When the Buffalo Bills made Charles Clay one of the highest-paid tight ends in the NFL, it was hard to predict the kind of blowback they’d see two years down the road.
The contract, which the Miami Dolphins had the right to match after giving Clay the transition tag, had to be high given the emphasis then-head coach Rex Ryan and then-offensive coordinator Greg Roman were placing on the running game. They had a plan, and then-general manager Doug Whaley did what he needed to do to execute it.
Of course, as you well know, I had to put “then” in front of all those titles for a reason. The plan didn’t put the Bills back in the playoffs, so none of those guys remain with the Bills. Clay, however, is going to be around for a few more seasons. Let’s take a look at what he has to offer.
Name: Charles Clay
Height/Weight: 6’3”, 255 lbs.
Draft: Round 6, Pick 174 by the Miami Dolphins (2011)
Financial Situation (per Spotrac): Clay is in year three of the five-year deal he signed in 2015. He carries a $9 million cap hit for each of the next three seasons, with his dead money figure not falling below that until 2019. Like it or not, Clay isn’t going anywhere for at least two more years.
2016 Recap: Clay led the Bills last year in receptions (57) and targets (87) while tying the now-departed Justin Hunter with four receiving touchdowns. The bulk of his production came after the birth of his son in December, including his season-highs of eight catches for 85 yards and two scores in the Week 16 overtime loss to the Miami Dolphins.
Pro Football Focus gave Clay a 77.7 run block grade in 2016, which was good for fourth in the NFL. None of the three players ahead of Clay (a group that includes fellow Bill Nick O’Leary) played as many run snaps; in fact, none of the top 12 saw more run block snaps than Clay’s 361. Part of that is opportunity, for sure, since the Bills ran more than any other team last year, but Clay consistently performed well in the run game.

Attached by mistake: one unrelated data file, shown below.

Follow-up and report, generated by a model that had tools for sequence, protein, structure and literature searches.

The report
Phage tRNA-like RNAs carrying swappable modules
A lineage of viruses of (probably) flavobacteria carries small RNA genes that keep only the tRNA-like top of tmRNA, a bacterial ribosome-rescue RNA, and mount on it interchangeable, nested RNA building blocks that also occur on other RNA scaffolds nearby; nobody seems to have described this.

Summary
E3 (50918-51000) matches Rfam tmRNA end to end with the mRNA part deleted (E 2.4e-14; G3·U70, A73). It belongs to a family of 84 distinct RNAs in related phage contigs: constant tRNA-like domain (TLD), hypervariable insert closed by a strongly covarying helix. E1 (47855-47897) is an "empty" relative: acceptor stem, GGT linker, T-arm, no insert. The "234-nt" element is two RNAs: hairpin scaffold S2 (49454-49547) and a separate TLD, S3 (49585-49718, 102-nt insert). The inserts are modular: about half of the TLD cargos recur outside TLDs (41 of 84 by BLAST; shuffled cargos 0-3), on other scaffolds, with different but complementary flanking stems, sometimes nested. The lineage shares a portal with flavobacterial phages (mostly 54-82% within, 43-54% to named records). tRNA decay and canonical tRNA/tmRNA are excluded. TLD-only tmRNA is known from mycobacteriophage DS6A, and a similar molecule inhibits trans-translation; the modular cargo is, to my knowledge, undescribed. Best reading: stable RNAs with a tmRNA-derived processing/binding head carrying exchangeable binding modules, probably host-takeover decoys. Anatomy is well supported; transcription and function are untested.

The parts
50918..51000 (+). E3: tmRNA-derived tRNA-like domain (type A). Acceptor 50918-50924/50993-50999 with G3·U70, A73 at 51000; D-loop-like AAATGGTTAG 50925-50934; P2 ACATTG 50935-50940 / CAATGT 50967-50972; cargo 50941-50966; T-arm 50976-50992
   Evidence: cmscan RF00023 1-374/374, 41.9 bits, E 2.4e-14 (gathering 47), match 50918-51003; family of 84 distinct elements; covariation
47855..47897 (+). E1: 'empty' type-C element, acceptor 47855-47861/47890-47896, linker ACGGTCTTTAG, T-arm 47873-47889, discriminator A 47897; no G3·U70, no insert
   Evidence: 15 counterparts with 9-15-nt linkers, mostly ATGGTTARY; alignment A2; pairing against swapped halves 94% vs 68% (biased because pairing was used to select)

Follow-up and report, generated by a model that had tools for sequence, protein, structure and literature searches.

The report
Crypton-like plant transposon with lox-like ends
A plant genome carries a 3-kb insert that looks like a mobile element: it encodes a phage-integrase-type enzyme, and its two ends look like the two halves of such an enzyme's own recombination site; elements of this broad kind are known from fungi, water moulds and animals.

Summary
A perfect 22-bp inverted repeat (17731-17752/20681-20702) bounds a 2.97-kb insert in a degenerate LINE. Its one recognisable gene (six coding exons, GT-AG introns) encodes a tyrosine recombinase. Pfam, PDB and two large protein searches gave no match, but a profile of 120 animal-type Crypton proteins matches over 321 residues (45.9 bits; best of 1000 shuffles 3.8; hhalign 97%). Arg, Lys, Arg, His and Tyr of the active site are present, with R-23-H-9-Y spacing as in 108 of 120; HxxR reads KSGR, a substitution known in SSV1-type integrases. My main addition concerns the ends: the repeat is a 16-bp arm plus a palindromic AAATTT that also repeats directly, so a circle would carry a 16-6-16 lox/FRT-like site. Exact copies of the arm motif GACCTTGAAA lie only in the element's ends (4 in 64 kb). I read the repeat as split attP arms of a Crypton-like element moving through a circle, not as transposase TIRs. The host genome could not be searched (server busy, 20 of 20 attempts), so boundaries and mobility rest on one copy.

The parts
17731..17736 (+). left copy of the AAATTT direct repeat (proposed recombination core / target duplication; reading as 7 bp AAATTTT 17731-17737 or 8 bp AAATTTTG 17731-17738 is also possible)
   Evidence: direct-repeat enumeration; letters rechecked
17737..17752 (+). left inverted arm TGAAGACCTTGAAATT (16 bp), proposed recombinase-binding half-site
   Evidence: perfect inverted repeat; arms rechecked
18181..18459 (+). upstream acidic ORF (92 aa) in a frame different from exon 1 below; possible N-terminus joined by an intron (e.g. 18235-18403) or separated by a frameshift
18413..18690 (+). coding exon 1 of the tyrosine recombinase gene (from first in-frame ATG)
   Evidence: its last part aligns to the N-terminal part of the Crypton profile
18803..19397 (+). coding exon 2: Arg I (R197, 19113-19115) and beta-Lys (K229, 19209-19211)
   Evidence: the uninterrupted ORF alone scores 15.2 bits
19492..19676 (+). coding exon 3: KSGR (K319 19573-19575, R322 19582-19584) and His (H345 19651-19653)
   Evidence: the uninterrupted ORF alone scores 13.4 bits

Positional Outlook: Regardless of the financial situation, Clay would be sticking with the Bills this year. Behind Clay and O’Leary are a collection of street free agents and undrafted rookies. At least one will make the roster, but it’s doubtful that any could supplant Clay at the top of the depth chart.
2017 Offseason: Clay’s health, which has been a big concern over the course of his time with the Bills, made headlines a couple months ago. He didn’t miss a game due to injury last year, but was a frequent presence on the injury report and often missed practices throughout the year. Sean McDermott voiced his concerns about Clay’s knee during a minicamp session in May, so it’s clear that it’s still an issue. More than his play, this is the biggest concern I have around Clay moving forward.
2017 Season Outlook: If Clay can play 16 games at 100% health, he’ll be a top player on the Bills. He’ll continue to be burdened by the expectations of a huge contract, of course, and he’ll still be graded largely based on his receiving stats even though his value extends beyond the passing game. He’ll probably be good for about 60 catches and 700 yards while remaining a top-five blocking tight end for a run-heavy offense and take all kinds of heat for being nowhere near the likes of Rob Gronkowski or Travis Kelce in the passing game.
The odds that he can play 16 games at 100% health, however, are zero. They’re not very high for any NFL player, especially a starter, but Clay’s already fighting an uphill battle. I won’t be the least bit surprised when he ends up on injured reserve, although when that’ll happen is anybody’s guess. Hopefully, he can provide some quality play before that happens.